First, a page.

I feel like a fly on the wall sometimes-watching all the people run around their busy lives. I see myself as I must have looked to others in my previous life. They are rushed, overwhelmed, have little time to accomplish everything, while I now sit there just observing.
So here it is…an update. I’ve been stumped recently as far as what to write about. I don’t want to complain about every little discomfort and I am lucky for the most part to be comfortable as long as I am resting. So I’ve been resting (for a year!) and have watched my previously toned body grow flabby and out of shape. I don’t really care (that much) anymore because the material world has become so much less important to me since this whole journey began.
I write these updates for other people. I have always found it easier to express myself in writing. Mostly I want my children to know what this disease really was for me. Right now my focus is on keeping the home happy and don’t feel they should be burdened by my chronic illness. But one day in the future, they might be interested in understanding what exactly was going on with me. So at home I put on the happy mom face and pretend that I am ok. Inside I am uncomfortable, in pain and unsure about the future. My youngest children express a lot of frustration about my inability to do things which prevents them from having fun like all their other friends. While I try to explain to them that every family has issues and that while things might appear perfect on the outside, nobody knows what really goes on at home. But this provides little comfort for my youngest who periodically rants his frustrations.
I also want to update my friends and family who cannot possibly understand what would keep someone at home so much that they cannot participate in social functions. How can they possibly understand when Sarcoidosis is one of the least understood diseases in medicine? I certainly never learned about any of this in medical school. Some people think I am just suffering from depression. After all, what else keeps a person in bed? Little do they know that I am so happy in the company of my furry buddies and cannot wait for the fog to lift so that I can get on with the next project. Since my illness began I have wallpapered multiple walls, remodeled my kitchen, painted and installed flooring and finished many other creative projects. Each day I have about a two hour window in which I can choose to grocery shop, do a project, clean the house or take care of laundry, not to mention myself and make dinner.
I had a wakeup call over the Memorial Day weekend. I recently received my first dose of Rituxan, a new infusion medicine that’s kind of a last resort, kind of experimental. My neurologist has some patients who have done well with it and he recommended that I try it. I had a dramatic improvement in the brain fog since that first dose which was very exciting but nothing else really changed. However the brain fog is so debilitating that I will celebrate this one improvement.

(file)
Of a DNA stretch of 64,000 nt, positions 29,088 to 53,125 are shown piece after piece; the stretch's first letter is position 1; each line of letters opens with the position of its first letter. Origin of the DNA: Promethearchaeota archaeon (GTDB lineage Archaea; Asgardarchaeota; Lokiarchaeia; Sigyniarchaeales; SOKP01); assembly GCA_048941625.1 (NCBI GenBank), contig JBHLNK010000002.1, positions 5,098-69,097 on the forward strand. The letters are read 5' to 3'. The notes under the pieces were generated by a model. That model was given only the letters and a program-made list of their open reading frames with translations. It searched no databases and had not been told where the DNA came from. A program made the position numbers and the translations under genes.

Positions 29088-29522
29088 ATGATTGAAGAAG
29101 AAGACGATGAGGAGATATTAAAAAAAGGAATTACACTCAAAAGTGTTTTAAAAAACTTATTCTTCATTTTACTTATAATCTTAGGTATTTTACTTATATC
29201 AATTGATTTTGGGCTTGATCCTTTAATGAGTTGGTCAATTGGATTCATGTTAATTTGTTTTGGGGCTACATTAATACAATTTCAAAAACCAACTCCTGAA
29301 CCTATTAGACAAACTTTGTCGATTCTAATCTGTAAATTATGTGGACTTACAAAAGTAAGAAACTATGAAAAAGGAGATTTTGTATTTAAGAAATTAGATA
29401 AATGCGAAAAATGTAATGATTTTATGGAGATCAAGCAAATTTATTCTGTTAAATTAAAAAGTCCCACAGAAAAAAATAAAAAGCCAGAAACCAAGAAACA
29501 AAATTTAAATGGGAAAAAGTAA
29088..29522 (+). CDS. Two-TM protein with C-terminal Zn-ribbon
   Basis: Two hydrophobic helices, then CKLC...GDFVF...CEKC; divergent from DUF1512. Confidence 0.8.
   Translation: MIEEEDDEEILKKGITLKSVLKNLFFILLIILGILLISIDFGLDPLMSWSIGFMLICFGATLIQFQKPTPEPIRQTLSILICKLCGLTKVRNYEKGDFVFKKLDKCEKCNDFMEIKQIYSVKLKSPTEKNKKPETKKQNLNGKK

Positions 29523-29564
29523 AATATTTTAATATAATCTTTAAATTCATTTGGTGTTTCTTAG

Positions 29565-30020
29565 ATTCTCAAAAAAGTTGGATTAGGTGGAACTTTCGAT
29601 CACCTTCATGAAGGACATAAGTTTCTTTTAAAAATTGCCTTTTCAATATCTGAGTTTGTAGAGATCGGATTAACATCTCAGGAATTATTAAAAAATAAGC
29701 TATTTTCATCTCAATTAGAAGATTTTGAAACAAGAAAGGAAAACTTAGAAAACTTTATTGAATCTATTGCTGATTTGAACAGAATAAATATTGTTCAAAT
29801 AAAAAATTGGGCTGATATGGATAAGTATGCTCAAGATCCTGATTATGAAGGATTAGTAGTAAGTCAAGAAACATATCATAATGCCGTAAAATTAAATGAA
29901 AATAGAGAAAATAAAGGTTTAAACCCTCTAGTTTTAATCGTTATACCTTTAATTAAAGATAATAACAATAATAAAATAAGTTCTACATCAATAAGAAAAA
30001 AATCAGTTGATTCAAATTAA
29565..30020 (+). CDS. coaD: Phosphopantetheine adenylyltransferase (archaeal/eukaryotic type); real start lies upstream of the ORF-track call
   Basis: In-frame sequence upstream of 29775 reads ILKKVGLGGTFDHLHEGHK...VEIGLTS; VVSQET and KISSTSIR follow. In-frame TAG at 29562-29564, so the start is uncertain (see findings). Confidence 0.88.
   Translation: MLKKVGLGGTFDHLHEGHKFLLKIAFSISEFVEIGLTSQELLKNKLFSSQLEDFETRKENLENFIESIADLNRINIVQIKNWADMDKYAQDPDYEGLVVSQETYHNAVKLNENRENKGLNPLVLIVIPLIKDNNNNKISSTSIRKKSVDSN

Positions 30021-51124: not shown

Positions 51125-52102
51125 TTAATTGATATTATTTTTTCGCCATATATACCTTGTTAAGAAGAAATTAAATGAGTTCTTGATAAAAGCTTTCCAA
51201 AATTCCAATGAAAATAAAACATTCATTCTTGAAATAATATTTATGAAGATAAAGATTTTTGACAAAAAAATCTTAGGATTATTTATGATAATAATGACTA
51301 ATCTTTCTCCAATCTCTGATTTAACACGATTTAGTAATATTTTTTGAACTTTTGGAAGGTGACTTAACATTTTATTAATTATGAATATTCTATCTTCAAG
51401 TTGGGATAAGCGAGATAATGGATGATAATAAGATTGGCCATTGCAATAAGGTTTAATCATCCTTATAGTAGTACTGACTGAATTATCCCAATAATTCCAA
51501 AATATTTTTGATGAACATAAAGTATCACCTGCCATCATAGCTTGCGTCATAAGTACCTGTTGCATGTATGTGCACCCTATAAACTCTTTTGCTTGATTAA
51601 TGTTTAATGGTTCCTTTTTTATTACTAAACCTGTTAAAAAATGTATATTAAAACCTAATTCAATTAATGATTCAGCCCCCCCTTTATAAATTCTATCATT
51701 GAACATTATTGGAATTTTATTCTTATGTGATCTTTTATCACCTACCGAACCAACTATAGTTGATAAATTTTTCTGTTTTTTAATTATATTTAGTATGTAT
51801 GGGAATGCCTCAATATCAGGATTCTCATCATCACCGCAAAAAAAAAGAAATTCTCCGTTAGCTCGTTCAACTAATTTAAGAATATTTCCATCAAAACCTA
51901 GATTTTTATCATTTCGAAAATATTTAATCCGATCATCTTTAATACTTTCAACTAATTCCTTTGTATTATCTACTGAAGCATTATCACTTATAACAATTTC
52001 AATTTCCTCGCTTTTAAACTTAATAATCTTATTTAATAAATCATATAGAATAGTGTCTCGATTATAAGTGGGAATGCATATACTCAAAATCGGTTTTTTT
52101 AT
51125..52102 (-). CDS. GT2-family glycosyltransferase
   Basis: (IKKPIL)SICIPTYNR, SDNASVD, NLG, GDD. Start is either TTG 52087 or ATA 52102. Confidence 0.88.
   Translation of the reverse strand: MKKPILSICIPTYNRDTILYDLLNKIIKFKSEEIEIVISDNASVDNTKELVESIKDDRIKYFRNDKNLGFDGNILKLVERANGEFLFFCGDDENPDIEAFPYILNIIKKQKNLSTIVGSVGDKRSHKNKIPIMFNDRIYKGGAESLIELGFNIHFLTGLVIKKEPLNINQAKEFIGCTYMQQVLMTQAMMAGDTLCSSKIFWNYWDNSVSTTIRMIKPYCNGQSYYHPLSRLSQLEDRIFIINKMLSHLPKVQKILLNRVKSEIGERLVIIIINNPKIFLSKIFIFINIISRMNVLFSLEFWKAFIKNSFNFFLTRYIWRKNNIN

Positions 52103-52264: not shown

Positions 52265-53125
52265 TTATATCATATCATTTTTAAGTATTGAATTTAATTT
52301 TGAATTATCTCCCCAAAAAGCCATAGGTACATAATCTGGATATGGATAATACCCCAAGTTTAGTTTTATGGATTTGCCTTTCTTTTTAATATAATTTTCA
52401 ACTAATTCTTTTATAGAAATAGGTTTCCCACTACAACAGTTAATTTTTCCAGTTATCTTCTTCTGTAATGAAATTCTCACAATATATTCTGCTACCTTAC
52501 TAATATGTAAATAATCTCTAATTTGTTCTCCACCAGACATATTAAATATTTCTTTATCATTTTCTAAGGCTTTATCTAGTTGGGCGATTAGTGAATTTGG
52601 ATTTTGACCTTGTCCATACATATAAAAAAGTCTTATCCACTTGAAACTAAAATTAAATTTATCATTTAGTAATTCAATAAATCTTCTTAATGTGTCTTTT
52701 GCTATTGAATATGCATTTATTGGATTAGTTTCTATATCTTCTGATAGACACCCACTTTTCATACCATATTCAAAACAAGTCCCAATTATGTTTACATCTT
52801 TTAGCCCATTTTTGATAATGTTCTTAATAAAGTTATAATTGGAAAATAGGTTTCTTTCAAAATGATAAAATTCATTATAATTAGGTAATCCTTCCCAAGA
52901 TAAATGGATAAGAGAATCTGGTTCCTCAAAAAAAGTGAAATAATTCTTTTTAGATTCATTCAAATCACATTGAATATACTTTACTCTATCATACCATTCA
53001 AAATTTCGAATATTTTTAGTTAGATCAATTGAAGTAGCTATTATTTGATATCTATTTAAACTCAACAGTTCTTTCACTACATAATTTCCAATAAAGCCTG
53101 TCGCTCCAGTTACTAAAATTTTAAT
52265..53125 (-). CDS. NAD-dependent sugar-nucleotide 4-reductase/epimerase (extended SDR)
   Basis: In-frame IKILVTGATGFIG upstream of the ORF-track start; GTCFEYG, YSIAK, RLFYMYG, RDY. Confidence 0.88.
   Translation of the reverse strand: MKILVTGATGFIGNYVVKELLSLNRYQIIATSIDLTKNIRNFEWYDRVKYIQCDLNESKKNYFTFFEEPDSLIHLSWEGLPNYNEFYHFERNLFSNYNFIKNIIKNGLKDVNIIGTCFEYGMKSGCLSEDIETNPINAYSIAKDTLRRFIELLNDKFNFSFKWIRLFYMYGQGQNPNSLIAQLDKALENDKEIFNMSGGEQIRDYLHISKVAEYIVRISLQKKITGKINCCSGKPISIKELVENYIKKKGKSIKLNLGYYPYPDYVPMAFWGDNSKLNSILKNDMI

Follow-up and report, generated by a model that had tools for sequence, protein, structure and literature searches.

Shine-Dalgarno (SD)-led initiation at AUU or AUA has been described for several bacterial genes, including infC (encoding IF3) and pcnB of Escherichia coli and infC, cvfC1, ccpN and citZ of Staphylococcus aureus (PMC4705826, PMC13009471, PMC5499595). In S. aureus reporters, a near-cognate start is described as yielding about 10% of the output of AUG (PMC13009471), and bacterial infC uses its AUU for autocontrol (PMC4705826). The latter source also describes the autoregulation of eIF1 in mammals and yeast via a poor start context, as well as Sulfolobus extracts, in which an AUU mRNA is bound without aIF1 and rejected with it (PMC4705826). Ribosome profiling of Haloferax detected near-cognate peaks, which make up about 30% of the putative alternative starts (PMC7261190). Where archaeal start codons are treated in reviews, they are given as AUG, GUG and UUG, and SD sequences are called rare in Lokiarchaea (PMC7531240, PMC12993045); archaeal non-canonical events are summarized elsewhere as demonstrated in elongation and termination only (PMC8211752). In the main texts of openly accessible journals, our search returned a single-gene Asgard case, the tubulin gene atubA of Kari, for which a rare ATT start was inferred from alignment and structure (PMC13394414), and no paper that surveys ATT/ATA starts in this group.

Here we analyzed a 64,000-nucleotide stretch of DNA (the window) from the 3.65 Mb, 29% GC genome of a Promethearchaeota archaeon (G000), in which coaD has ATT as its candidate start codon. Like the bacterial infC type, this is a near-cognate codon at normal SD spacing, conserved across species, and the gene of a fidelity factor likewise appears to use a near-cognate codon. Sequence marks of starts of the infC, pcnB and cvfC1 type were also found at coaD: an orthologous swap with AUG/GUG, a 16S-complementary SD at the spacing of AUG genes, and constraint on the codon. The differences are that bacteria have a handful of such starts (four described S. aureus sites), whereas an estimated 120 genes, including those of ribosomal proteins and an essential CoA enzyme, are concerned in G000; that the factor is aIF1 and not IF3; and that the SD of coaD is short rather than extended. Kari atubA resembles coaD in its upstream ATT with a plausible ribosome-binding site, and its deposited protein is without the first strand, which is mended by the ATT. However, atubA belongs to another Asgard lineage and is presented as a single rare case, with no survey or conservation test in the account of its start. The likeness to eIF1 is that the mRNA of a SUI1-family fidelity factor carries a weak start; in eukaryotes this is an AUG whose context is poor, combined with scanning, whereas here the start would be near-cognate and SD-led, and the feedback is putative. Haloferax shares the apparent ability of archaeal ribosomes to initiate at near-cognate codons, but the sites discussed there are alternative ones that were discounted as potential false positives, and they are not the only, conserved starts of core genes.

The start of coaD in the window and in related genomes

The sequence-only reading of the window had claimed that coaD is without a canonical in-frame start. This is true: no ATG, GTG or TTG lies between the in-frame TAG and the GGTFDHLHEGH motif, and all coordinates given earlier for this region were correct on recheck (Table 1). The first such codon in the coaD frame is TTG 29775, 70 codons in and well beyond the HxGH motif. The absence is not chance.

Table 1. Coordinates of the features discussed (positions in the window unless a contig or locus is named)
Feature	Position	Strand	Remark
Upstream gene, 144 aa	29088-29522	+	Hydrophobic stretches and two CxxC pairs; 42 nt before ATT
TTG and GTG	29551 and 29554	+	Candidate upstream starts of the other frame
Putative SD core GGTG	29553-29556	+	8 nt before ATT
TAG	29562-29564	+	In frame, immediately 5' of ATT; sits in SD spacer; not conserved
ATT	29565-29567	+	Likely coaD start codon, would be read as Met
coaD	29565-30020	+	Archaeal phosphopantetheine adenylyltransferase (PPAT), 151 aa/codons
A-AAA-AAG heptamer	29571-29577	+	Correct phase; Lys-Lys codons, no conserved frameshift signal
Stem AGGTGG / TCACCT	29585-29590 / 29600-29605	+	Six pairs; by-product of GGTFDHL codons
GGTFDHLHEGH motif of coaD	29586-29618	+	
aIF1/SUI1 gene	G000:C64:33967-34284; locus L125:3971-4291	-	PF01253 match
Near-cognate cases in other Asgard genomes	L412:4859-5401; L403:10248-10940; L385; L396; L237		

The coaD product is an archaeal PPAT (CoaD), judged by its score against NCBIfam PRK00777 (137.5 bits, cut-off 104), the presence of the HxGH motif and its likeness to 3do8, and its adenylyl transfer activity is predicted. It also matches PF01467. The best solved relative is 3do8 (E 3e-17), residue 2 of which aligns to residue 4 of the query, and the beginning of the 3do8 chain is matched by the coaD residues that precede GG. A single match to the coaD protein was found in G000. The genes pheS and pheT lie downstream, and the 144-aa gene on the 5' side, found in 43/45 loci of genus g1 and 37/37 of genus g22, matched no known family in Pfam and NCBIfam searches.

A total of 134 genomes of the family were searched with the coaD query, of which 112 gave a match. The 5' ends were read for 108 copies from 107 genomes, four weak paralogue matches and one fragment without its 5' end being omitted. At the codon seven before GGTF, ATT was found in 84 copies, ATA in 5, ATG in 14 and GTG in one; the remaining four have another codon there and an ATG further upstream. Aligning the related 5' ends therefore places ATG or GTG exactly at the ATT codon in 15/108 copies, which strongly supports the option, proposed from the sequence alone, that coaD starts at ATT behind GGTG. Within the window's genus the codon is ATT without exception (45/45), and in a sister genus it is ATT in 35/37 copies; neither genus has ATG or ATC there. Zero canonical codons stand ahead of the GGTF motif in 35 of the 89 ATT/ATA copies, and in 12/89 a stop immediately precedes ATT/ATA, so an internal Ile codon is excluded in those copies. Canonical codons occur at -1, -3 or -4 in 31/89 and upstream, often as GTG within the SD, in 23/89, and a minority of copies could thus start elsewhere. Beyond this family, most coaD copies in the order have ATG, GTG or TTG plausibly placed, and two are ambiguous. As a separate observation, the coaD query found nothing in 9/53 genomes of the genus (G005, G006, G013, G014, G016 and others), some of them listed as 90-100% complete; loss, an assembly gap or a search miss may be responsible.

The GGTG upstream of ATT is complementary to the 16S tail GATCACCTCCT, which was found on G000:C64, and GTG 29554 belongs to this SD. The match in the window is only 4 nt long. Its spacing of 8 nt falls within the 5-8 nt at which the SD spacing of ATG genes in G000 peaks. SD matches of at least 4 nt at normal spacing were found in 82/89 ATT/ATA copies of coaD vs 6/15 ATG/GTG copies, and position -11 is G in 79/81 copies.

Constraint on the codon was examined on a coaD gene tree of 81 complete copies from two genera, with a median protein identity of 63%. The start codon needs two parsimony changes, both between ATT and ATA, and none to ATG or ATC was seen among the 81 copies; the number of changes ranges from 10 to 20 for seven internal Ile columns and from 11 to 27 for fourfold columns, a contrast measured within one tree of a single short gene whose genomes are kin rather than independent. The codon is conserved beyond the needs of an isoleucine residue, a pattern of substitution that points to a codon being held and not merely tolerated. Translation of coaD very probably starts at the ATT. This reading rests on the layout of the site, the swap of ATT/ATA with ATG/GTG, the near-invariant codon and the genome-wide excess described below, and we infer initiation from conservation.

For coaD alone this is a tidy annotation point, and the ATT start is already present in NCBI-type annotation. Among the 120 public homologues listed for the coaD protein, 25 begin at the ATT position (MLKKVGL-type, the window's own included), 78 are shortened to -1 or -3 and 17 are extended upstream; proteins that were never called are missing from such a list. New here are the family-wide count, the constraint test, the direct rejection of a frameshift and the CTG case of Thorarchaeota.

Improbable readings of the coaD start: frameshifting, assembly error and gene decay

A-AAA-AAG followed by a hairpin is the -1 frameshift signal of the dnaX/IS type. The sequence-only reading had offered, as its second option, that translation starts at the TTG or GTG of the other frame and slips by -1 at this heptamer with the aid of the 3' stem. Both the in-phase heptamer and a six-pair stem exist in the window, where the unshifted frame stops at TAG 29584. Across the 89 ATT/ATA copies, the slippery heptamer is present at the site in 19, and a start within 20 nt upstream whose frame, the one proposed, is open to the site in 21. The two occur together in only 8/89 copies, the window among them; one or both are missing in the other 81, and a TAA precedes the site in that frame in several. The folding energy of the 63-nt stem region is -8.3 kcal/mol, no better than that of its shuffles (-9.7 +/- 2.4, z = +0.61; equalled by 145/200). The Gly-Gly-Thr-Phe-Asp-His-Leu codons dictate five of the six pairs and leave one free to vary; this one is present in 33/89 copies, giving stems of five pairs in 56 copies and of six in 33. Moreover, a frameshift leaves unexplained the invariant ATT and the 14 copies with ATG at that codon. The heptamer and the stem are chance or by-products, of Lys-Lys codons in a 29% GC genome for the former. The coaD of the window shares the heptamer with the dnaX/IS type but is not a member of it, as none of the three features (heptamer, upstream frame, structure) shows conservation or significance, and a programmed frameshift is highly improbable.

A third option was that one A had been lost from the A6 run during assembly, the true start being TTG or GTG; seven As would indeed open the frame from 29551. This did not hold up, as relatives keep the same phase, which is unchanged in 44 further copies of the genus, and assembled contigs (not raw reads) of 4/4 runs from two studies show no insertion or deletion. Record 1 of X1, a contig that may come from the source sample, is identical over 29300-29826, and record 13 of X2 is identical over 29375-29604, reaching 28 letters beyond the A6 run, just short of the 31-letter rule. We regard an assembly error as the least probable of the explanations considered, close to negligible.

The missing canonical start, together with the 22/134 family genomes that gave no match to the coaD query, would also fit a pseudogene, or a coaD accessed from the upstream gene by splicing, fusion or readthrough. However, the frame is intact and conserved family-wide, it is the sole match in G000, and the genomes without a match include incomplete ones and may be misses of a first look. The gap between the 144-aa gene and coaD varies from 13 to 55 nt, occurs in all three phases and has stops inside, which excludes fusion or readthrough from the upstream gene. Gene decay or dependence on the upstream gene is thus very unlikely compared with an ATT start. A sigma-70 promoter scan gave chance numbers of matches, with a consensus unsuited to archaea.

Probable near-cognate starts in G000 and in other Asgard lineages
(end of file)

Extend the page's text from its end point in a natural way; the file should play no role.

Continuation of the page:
It was enough to plan a get-away to New York with my husband for one night and so we went. We really just took it easy. He drove the whole way, we checked into the hotel, ate some lunch and took a leisurely stroll over to Times Square. In and out of shops, relaxing, after a couple hours the pain began. In my toes, in my back, first burning then full on pain, requiring me to return to the hotel and rest. By the time we were in the hotel elevator my feet were bright red, engorged and swollen. Rest relieves all this but in essence keeps me bed bound or couch bound for most of the day.
I was ruined for the rest of the trip. The next morning I noticed that my right eye had again turned inward and I realized that my hearing is bad again. Not sure why, but the disease definitely prefers the right side of my body. My right hand and foot are often a different color than the left. All the pain is on the right side. Except for the arthritis which is everywhere!
And then there’s the plumbing…For that I will leave you with a short infographic which, I’m told is a wonderful way of explaining things! In the progression displayed in the infographic, I am at the point of “Peristeen.” I will leave you all to wonder what that is, or maybe to google it. And I have decided that I would rather die than even consider the possibility of Cecostomy…(even though my gastroenterologist says “it’s just a tiny hole.”)
So every day I wake thinking that it’s just a regular day like it always was. I try to ignore the nausea and fullness from dinner which was over 10 hours ago. I take my medicines, start sipping the coffee and wait for the fog to clear…onto a new day!